Jackie Haynes of Climate Emergency Manchester’s “Team SF” watched the meeting of the Manchester City Council Art Galleries Committee on 17th February, and came away underwhelmed…
Manchester City Council’s annual Art Galleries Committee meeting was a 15 minute discussion sandwiched between the statutory protocol of appeals, interests and minutes and the noting of reports and a policy revision.
Notably absent from the meeting from a climate perspective was the Executive Member for Environment, Planning and Transport and the Council Leader. Also absent was any explicit mention of climate emergency, despite it featuring in the Manchester City Galleries’ report and revenue budget 2021/22 tables, which might build up an expectation for anyone looking out for updates:
The gallery is currently reviewing its policy and approach to making the physical gallery green and working towards being carbon neutral – focusing on exhibitions, loans, business travel, energy use, cafe, retail and events. We encourage social responsibility through community and stakeholder involvement, supporting community climate champions and we aim to be a public platform for climate activism as a respected and trusted educational organisation promoting public dialogue and raising awareness.
Is it impossible for citizens to overstate the importance of the Director-level push for necessary legislation for system changes for climate justice, from powerful positions within our public institutions? The expectation set up by this statement is addressed, however, within the report with references to climate action at Platt Hall and Climate Justice at Manchester Art Gallery respectively:
120 people have attended seven Keep Connected sessions to date, which are fast becoming an established local event, developing an identity for the Hall as neighbourhood convener, bringing people and organisations together, and allowing conversations and connections to emerge. Topics have included principles for Platt Hall, collective anti-racism, and local heritage. Planned events include a funding application workshop and sessions focused on climate action and young people. The emergent windows programme is also working to build a sense of connectedness locally. Displays have included an anti-racism display co-ordinated with local Take the Knee group (June-July 2020), TSAP@PlattHall2020, a commission from local arts collective the Terrace Square Artists Project (July-September) and Message to the Neighbourhood, a growing collection of observations, tips and ideas for health and wellbeing from local residents (October-January).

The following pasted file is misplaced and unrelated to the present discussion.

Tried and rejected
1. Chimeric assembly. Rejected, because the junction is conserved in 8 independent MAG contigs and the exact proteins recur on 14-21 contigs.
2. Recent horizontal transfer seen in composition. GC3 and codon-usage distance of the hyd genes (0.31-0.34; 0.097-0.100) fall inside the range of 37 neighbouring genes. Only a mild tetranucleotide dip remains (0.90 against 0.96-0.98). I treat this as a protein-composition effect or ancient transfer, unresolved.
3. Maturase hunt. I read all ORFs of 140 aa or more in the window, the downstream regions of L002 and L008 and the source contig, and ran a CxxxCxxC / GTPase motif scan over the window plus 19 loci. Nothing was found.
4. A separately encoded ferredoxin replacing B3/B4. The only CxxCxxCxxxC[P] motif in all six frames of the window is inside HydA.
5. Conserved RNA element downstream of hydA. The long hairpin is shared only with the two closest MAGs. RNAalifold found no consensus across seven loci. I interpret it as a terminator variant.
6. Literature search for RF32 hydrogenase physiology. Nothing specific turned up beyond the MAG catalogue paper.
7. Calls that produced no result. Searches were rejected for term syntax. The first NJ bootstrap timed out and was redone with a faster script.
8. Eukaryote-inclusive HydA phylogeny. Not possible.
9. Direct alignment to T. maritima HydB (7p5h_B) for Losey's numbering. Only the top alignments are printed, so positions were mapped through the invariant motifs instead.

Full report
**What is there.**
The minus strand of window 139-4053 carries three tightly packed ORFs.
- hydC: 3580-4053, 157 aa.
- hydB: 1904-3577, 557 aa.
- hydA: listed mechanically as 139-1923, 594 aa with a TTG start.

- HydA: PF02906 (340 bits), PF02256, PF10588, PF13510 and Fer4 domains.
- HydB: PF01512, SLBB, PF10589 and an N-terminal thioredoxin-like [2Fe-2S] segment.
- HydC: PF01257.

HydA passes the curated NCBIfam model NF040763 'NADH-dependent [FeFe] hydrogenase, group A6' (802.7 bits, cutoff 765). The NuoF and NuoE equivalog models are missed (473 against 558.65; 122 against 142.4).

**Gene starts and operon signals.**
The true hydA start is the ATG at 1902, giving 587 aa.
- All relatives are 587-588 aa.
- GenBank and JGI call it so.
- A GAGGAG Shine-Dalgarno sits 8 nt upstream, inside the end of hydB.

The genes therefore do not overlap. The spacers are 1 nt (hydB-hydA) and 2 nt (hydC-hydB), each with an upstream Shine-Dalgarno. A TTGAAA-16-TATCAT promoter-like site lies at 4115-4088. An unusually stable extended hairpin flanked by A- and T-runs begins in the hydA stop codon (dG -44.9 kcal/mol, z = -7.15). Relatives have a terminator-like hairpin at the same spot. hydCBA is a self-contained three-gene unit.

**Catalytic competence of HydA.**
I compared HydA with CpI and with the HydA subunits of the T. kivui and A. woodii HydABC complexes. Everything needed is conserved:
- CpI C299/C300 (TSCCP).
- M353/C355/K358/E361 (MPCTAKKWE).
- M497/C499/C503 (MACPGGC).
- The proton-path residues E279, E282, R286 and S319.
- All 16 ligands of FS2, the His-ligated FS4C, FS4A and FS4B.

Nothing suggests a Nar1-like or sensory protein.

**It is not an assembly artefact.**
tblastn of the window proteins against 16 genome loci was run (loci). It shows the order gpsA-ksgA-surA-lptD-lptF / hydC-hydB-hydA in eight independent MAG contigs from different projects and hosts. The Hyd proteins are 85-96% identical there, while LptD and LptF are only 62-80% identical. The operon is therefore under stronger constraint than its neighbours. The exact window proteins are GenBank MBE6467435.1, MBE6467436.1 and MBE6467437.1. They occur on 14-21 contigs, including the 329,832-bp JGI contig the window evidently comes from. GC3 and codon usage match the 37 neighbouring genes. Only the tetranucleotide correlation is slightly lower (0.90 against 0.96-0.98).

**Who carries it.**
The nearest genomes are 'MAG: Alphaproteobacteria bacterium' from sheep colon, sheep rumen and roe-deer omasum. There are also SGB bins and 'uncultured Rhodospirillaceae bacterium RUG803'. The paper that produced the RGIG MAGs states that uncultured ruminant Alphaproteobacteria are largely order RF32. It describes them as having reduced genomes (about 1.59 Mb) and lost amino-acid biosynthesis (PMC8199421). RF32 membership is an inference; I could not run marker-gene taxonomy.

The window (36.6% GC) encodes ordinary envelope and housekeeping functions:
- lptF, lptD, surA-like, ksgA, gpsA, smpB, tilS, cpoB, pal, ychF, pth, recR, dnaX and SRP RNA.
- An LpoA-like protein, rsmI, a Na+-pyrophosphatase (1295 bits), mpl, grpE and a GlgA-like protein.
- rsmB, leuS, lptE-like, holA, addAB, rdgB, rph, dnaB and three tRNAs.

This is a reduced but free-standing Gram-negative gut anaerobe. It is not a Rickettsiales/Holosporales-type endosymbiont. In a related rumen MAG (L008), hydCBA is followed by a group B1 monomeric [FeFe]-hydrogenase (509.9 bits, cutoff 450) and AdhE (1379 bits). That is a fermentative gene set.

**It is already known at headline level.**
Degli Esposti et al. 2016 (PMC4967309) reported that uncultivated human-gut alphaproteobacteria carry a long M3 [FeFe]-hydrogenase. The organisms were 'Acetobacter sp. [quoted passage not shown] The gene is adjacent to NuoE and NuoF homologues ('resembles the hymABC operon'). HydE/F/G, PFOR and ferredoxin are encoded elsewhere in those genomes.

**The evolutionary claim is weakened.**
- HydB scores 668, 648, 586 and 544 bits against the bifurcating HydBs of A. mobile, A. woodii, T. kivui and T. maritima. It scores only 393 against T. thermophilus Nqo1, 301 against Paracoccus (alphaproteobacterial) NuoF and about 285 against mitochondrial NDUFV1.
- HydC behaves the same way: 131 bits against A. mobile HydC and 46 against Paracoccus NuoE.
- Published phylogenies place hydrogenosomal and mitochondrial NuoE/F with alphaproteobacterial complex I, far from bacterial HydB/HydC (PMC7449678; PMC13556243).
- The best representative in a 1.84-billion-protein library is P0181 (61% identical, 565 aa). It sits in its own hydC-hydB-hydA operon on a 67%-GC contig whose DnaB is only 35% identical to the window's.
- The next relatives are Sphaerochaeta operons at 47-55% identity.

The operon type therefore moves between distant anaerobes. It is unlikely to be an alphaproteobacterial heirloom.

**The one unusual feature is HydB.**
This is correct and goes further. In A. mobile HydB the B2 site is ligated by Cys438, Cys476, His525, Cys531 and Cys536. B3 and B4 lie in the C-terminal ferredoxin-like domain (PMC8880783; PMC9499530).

Climate Justice, opening winter 2021, is our second collection gallery to be redisplayed and will focus on the climate emergency. Curators have been working alongside a group of climate activists to select works from the Gallery’s collection to be displayed. They are asking what we can learn from history, what we want our city and lives to be like in the future and how we can help each other with anxiety when dealing with the climate crisis. This thematic gallery will be a place for collective imagination, learning and action.
I admit my limitation in adopting a critical distance to these committed examples, due to being involved with both as a local resident and artist. I am aware of the efforts of both institutions in their respective aims and feel hopeful for good outcomes. This is dependent on them being resourced with intent to deliver over an extended time-frame, for the duration of the Climate Emergency Declaration, for instance.
Cllr Akbar sought reassurance for his Rusholme constituents from Director of Manchester City Galleries, Alastair Hudson, who confirmed that there will be no budgetary impact on Platt Hall’s objectives, which remain focused on communities around it. Furthermore, Platt Hall is envisioned as ‘a ground-breaking model, on how you can get art and culture to work in people’s daily lives on daily basis… not about making another big glamourous museum, but about the evolution of that building, using what we’ve got and making the best of use of those resources.’ This communicates the sense of urgency and an efficiency principle of using what already belongs to the public to good effect.
Cllr Murphy (Hulme) made the point that Manchester Art Gallery’s online resource had proved invaluable in communicating to people that it was still there and will be when the pandemic ends. It is important to audibly carry the commitment to the climate emergency declaration along with this idea of longevity too.
The restorative role of cultural institutions for mental health, well-being, schools’ aspirations and learning was emphasised by both Alistair Hudson and Cllr Richards (Longsight) and is exemplified in Manchester Art Gallery’s Statement of Purpose:
the challenge – to make the most of the unique richness of a collection that is full of surprises and unexpected discoveries, to safeguard this richness for the future, while also maintaining a responsible and ethical approach to custodianship in the context of limited resources.
While it’s correct to have intentions stated and publicly distributed in written documents, a responsible and ethical approach also requires the clear communication of action. The steps being taken towards climate justice and scrutiny of the means to make this a reality, need to be conspicuously and urgently reiterated at every opportunity and on every level.
The meeting can be viewed here: https://vimeo.com/509986438
If you want to get involved in “Team SF” please email firstname.lastname@example.org
Meanwhile, please write to your three councillors and to Council leader Richard Leese asking them to bring the strongest possible recommendations for the overhaul of the Council’s scrutiny processes to the Wednesday 31st March meeting of full Council.